Beijing Reported First Death From Wuhan Pneumonia, Patient Co-mingled With Countless People

January 30, 2020 Updated: January 30, 2020
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Beijing reported its first death from Wuhan coronavirus on Jan. 28.

Yang Jun, 50, attended a conference in Wuhan on Jan. 8. After returning to Beijing, he developed a fever on Jan. 15.

Yang did not seek treatment until Jan. 21; and was confirmed to have been infected with Wuhan pneumonia at Haidian District Center of Disease Control the next day. His situation deteriorated and he died on Jan. 27 due to respiratory failure.

Chinese state media expressed concerns that Yang had been exposed to or in contact with a large number of people before he was diagnosed.

Yang attended a parent meeting at High School Affiliated to Renmin University of China, his daughter’s school, on Jan. 20. More than 600 parents were at this meeting and seated in the same auditorium.

Yang is a high-level figure at Shanghai Electric Group and executive president of China Commercial Value Association. Chinese state media did not reveal his current position at Shanghai Electric Group, but did say that he is former vice president of Trina Solar, a solar energy company.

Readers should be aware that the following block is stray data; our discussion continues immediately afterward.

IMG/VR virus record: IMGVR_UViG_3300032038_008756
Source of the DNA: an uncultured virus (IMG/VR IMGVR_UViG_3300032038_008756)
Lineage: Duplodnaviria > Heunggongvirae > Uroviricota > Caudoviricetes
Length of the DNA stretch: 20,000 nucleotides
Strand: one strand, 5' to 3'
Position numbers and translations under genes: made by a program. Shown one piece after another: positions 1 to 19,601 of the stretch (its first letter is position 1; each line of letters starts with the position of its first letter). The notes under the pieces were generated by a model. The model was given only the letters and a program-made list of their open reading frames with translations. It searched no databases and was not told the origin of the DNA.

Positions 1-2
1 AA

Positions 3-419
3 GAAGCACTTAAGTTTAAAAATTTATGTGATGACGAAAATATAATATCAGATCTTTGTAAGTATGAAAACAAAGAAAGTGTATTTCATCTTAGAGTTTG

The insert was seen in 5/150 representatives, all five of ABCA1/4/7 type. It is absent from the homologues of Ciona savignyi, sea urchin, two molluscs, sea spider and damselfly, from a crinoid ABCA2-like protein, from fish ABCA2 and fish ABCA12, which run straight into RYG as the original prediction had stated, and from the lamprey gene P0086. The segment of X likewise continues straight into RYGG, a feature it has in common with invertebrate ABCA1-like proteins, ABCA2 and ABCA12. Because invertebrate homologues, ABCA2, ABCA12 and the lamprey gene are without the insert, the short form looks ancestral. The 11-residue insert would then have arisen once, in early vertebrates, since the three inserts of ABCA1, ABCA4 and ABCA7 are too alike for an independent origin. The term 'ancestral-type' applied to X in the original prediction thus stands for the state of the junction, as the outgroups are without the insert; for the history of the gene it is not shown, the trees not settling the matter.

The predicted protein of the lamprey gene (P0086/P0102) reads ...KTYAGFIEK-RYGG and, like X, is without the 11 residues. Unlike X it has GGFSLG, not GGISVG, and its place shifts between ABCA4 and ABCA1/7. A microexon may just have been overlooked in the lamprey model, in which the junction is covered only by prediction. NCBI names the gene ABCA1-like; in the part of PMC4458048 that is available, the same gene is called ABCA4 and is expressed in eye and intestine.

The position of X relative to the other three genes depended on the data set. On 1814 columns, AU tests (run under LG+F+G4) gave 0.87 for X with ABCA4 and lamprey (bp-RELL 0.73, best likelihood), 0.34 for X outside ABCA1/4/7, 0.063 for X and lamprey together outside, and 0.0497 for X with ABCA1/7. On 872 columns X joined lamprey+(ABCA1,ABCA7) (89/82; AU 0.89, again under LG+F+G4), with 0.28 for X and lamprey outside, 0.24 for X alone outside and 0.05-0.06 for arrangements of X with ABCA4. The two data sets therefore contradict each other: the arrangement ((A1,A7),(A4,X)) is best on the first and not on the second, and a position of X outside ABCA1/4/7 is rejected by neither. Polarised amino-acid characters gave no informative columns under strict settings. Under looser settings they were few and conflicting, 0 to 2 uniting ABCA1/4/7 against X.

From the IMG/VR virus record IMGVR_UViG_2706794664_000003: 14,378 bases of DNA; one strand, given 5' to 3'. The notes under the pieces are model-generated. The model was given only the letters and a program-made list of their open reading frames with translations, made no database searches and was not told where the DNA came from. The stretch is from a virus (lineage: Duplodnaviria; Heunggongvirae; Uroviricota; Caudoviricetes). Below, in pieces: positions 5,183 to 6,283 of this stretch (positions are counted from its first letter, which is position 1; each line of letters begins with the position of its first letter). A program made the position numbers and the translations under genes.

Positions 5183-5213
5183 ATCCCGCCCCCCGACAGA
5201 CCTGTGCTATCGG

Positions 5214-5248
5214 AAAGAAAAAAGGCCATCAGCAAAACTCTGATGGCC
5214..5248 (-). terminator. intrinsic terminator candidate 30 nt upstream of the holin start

An internal document from Shanghai Electric Group indicated that after Yang left Wuhan, he took a high speed train to Shanghai on Jan. 12, left Shanghai for Zhengzhou in Henan Province the same afternoon, and then returned to Beijing.

His travels covered five provinces in central China, eastern China, and northern China. The number of people he exposed to the virus at the meeting and on the trains could be considerable.

A Twitter user with the account name “An” revealed additional details. “Yang’s daughter is also infected with the virus. She is in grade 12 now. If the authorities had informed the public of the outbreak earlier, Yang could have gone to a hospital earlier and taken precautions to protect his daughter. Seeking medical care earlier may even have saved his life. Now Yang has passed away, his daughter has been infected, and I am concerned about his wife. Not sure if she can withstand the pain.”

Chinese authorities initially denied that the disease could be transmitted between humans, although there had already been several cases of human-to-human infection.

On Jan. 20, Zhong Nanshan, a leading scientist for China’s Health Commission, officially announced at a press conference in Beijing that the disease can spread from human to human. Yang sought treatment the day after the announcement.